The four artists chosen for this project live in Los Angeles or were trained in the city. Post Performance is a concept invented by Marie de Brugerolle, curator of the exhibition, to qualify the legacy and impact of performativity on the visual arts after the 1970s. The exhibition is a choice of exemplary works of this, without labelling them. The link that connects them is a special relationship to the object and to the drawing, as a script, accessory, decoration or counterpoint to the projected image. At Carée d’art, Nîmes until 17 April 2022.

B. Catling: Where Does It All Come From? available to watch on iPlayer

An eye-popping insight into the extraordinary, late-flourishing career of maverick artist, teacher and performer Brian Catling RA, whose unique vision and imagination are celebrated through a shifting narrative of newly restored archive material, exclusive interviews and specially shot footage.

We see Catling at work, in the past and the present, in public performance, on stage, conjuring uncanny presences in galleries, abandoned rooms and in his studio. His histories are told, including childhood obsessions with outsiders and monsters, the early days of art school and labouring jobs at Truman’s Brewery, becoming an artist, a sculptor and maker of installations, and his decision to retreat from the London art world.

A host of writers, artists, musicians, curators and former students, including actor Ray Winstone recollecting a terrifying encounter in London’s Whitechapel, are also called upon to bear witness to a creative spirit who defies definition and is capable of endless self-reinvention. Featuring one of Catling’s appearances in Nathaniel Mellors’ film series Ourhouse.

Michael Curran, SPARK READINGS

Still from Michael Curran reading video documentation

The Public Image – Scottish Lady Tiger: a response to the life and work of Muriel Spark by Michael Curran took place at Generator Projects, Dundee in September 2018, the centenary year of the author’s birth.

Curran made an environment in which a series of actions and performances inspired by the life and work of Muriel Spark unfolded. Generator Projects acted as a laboratory, a press office, a casting room and a film set for collaborators and visitors to explore the fascinating world of the author. On 15 September a sustained reading happening took place – lasting one hour and spilling over into the rest of the evening.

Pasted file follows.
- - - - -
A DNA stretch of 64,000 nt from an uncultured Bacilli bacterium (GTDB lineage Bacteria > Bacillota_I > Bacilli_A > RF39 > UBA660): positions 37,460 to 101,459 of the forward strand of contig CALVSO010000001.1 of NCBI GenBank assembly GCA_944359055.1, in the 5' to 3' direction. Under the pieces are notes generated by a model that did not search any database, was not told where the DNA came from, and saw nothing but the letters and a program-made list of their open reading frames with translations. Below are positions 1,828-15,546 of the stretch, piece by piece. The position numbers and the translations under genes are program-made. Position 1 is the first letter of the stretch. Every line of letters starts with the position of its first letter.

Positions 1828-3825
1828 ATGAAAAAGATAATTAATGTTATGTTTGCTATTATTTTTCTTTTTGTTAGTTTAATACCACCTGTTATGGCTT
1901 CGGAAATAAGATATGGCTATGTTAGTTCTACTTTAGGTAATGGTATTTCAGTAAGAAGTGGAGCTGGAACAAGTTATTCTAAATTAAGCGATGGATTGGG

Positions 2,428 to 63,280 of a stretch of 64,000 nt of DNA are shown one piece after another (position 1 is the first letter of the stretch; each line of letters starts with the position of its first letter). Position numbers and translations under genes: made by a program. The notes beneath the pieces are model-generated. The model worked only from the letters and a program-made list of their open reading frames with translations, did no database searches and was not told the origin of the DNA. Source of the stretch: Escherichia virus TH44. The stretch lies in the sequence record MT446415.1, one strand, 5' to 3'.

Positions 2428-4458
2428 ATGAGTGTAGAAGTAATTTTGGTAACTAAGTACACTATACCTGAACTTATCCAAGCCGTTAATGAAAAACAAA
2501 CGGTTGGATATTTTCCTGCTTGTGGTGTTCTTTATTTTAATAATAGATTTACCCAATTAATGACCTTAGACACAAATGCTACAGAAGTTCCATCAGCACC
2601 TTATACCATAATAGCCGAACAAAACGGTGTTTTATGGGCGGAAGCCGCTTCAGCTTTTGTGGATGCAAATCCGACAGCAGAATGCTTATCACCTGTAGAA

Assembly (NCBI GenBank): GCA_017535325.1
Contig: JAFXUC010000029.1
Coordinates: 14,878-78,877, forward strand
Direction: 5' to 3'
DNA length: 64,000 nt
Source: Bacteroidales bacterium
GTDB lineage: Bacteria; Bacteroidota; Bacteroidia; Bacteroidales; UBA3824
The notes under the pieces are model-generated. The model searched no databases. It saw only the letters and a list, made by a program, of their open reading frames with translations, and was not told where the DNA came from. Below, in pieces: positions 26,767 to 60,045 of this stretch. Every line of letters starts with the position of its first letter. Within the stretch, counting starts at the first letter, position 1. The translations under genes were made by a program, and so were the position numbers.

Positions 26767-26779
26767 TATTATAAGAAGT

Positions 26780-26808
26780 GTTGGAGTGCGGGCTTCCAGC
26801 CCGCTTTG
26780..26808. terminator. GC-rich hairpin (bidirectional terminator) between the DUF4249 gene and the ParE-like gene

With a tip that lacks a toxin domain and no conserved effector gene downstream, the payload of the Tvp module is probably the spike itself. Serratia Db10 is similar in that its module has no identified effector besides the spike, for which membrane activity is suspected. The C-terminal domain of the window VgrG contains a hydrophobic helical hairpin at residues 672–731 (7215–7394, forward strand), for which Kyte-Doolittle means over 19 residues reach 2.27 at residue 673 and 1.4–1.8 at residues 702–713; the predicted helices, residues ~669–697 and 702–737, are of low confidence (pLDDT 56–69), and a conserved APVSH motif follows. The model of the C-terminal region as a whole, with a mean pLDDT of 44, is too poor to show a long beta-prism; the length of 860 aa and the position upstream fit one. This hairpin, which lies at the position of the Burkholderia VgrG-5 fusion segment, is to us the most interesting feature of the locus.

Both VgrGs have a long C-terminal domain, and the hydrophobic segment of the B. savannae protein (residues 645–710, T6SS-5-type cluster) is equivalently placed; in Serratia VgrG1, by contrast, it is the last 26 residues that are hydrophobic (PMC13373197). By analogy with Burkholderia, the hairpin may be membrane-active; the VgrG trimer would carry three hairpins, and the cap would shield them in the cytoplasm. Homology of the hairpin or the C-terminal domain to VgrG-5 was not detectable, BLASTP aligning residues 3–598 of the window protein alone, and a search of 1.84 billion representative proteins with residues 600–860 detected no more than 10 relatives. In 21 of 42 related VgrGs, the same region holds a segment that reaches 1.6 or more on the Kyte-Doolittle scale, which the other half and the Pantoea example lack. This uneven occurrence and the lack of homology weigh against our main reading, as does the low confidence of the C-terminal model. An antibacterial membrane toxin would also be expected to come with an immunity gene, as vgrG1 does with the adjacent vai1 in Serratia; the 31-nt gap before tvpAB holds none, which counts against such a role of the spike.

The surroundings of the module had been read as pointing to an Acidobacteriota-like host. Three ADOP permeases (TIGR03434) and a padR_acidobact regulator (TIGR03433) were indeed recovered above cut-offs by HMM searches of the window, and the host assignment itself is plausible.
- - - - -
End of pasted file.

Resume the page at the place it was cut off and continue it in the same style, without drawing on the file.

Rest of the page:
Participants read simultaneously and in response to each other – from 12 of Sparks 22 novels, while the remaining 10 novels were available for those arriving to join in and reading duties became exchanged and taken over by newcomers. Click here to watch the video documentation on YouTube.

Scottish Lady Tiger was conceived and realised by Michael Curran & Hari Macmillan.

Nathaniel Mellors, Browserer, Galerie Crèvecoeur, Paris, Until 18 December 2021

Installation view of exhibition

Nathaniel Mellors, installation view of Browserer, 2021. Courtesy of the artist, Galerie Crèvecouer, Paris, Stigter van Doesburg, Amsterdam, Monitor, Rome, The Box, LA, and Matt’s Gallery, London.

Nathaniel Mellors’ solo exhibition Browserer is currently on view at Galerie Crèvecoeur’s space at 9 rue des Cascades, Paris. The exhibition consists of new paintings and video works and is open until 18 December 2021.

Graham Fagen, New Arrivals: From Salvador Dalí to Jenny Saville, Scottish National Gallery of Modern Art (Modern One), Edinburgh, From Saturday 27 November 2021

Graham Fagen, Slaves Lament, Venice 2015

Graham Fagen, The Slave’s Lament, 2015. Installation view from 56th Venice Biennale, 2015. Courtesy of the artist, Hospitalfield, Arbroath and Matt’s Gallery, London.

We’re delighted to announce that Graham Fagen’s 2015 video installation The Slave’s Lament has been acquired by the Scottish National Gallery of Modern Art.

‘The Slave’s Lament’ was Robert Burns’ only work to empathise with the appalling hurt of the displaced, the trafficked and the enslaved. Replete with a moving score written by Sally Beamish, performed by the Scottish Ensemble and Reggae singer Ghetto Priest, and produced by legendary On-U-Sound founder Adrian Sherwood, Graham Fagen creates a fascinating soundclash, where Burns’ poetry finds a haunting bedfellow in Jamaican reggae music – and finds much common ground. This evocative video installation was curated by Hospitalfield, Arbroath and exhibited at Scotland + Venice 2015, when Graham Fagen represented Scotland at the Venice Biennale.

Opening on Sat 27 November at Modern One, Edinburgh, the work will be displayed alongside a range of modern and contemporary work including painting, sculptures, films and more, by artists such as Damien Hirst, Jenny Saville, René Magritte, Salvador Dalí, Oskar Kokoschka, John Bellany, Marie Harnett and Pablo Picasso.

Nicola Bealing, Bodies in Space, MIRROR, Plymouth, Until 26 February 2022

Painting by Nicola Bealing.

Nicola Bealing, When All Things Act Contrary, 2019. Oil and spray paint on linen, 152 x 121cm. Courtesy of the artist and Matt’s Gallery, London.

Curated by Ben Borthwick, Bodies in Space presents work by artists using the figure in painting and drawing to question and understand how we occupy, move through and negotiate the public and private spaces of daily life. The exhibition also reflects how figurative painting and drawing becomes more visible at times of wider social and political change.